Now that AT&T's deal with DirecTV is done and the company is moving to bundle wireless service with a national video offering, financial and industry analysts are divided over whether or not AT&Ts wireless business will see any material benefit from doing so.
Verizon Wireless said that its subscribers will be able to access HBO Now, the offering from the premium TV network that lets customers access its content without a TV subscription. Verizon also said that HBO content, though not necessarily HBO Now, will be part of its over-the-the-top mobile video service, which is continuing to get fleshed out.
Verizon Wireless' forthcoming over-the-the-top mobile video service will be called "Go90" and will offer users both full episodes of TV shows from certain networks as well as music videos and other shorter pieces of content, according to a Variety report. The report, citing information from a pre-launch website for the service that was live but has since been taken down, said that initially the service will be entirely free of charge.
Verizon Wireless' forthcoming over-the-the-top mobile video service will support sponsored data, with advertisers subsidizing the cost of consumers' video consumption, according to a senior Verizon executive.
Verizon Wireless will employ an advertising-based model for its planned over-the-top mobile video service, which a top executive at the carrier predicted could become a multibillion-dollar business over time. And that's the major reason why Verizon Communications just spent $4.4 billion to buy AOL.
Verizon Communications' $4.4 billion purchase of AOL will mean the telecommunications giant is no longer just competing directly against the likes of AT&T. The deal is all about advertising technology, or ad-tech, and with it Verizon will now be competing against Google, Facebook and others in the digital ad market, especially in video. If Verizon can develop content for its OTT venture, it now has the tools to make money off of that using AOL.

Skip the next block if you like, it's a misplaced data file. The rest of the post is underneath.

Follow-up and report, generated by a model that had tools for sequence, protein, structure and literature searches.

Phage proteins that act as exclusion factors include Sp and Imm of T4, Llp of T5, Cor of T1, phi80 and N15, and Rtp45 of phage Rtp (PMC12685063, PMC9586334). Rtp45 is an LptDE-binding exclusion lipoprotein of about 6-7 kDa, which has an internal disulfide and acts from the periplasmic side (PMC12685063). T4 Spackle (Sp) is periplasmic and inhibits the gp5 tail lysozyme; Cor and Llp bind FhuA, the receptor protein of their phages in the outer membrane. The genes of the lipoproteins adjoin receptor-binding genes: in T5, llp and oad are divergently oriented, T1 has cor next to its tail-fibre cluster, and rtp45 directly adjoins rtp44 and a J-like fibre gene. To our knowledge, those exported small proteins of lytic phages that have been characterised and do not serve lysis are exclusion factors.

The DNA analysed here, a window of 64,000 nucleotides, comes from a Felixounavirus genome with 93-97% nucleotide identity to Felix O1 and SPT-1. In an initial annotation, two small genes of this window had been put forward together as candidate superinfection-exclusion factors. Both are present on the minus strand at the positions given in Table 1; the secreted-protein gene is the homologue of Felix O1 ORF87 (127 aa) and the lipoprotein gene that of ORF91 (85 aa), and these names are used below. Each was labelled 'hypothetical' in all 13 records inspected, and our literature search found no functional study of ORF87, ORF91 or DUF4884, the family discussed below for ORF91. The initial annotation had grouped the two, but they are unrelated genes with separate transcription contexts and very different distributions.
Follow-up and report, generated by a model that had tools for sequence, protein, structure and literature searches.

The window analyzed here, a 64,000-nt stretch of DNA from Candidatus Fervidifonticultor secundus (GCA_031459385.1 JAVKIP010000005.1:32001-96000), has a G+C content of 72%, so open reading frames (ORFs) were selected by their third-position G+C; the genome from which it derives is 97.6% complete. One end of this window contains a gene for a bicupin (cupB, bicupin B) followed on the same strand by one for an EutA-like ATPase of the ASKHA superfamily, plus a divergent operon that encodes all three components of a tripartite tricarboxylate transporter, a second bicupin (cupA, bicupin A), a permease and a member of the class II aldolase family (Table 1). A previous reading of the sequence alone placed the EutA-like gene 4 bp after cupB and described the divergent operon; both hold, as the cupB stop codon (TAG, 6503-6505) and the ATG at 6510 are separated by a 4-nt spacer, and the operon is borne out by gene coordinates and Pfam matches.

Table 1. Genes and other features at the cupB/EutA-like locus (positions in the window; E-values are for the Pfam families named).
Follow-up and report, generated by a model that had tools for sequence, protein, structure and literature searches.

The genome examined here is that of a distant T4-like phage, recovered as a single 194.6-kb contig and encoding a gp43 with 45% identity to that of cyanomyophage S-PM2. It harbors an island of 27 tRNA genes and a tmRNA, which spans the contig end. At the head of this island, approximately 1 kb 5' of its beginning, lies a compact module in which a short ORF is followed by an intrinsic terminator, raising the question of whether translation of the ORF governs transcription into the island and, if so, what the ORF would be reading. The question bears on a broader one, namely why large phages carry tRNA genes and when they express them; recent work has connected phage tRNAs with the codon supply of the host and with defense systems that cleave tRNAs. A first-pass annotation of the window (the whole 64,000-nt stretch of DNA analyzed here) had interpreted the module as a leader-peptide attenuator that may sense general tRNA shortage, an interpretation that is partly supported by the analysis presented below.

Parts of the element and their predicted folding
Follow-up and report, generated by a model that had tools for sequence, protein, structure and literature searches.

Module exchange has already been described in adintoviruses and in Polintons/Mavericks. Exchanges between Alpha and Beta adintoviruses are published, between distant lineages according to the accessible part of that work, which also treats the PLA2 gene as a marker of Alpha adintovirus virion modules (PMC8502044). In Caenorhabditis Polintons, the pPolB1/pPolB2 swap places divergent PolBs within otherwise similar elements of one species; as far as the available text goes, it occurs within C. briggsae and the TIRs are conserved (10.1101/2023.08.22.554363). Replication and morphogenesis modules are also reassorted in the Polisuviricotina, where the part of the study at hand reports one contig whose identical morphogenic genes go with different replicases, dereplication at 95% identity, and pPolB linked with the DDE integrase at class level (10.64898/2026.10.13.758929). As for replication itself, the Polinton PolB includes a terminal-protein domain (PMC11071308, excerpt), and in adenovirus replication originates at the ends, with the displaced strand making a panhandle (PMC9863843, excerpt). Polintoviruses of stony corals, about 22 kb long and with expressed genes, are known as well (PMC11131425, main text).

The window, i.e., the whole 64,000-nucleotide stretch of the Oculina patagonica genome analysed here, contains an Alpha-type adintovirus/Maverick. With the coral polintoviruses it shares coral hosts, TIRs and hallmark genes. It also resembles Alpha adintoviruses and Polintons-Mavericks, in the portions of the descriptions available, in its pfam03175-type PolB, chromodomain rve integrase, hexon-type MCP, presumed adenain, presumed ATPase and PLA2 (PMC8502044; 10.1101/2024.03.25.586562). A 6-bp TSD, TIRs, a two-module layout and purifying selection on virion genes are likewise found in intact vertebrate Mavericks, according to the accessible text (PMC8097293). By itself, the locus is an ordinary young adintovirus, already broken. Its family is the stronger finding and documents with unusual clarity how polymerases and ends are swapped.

Verizon Communications' $4.4 billion acquisition of AOL and its advertising technology could improve the carrier's forthcoming mobile-first, over-the-top video business, but it is a risky bet in a still-developing market, according to financial analysts. The analysts see some potential benefits to the deal--but lots of reasons to doubt that it will materially improve Verizon's overall position in the market, especially in wireless.
In a conversation with FierceCable, Sling TV CEO Roger Lynch discussed how Dish Network made the transition to IP-based video delivery, the potential for advertising via over-the-top services like Sling TV, changing views around programming, and more. Hot Seat
Facebook unit WhatsApp is finally launching voice calling service for its Android users. An updated version of the application is now available via Google Play and the company has promised to bring the feature to Apple's iOS shortly.
BARCELONA, Spain--Jibe Mobile CEO Amir Sarhangi thinks Rich Communications Services (RCS), carriers' answer to over-the-top messaging services, is not dead--far from it. For a long time it was hard to take that position seriously, but Sarhangi said that there is growing momentum behind RCS because smartphone makers are embedding phones with RCS software, which combines IP messaging and traditional SMS messaging into a single service.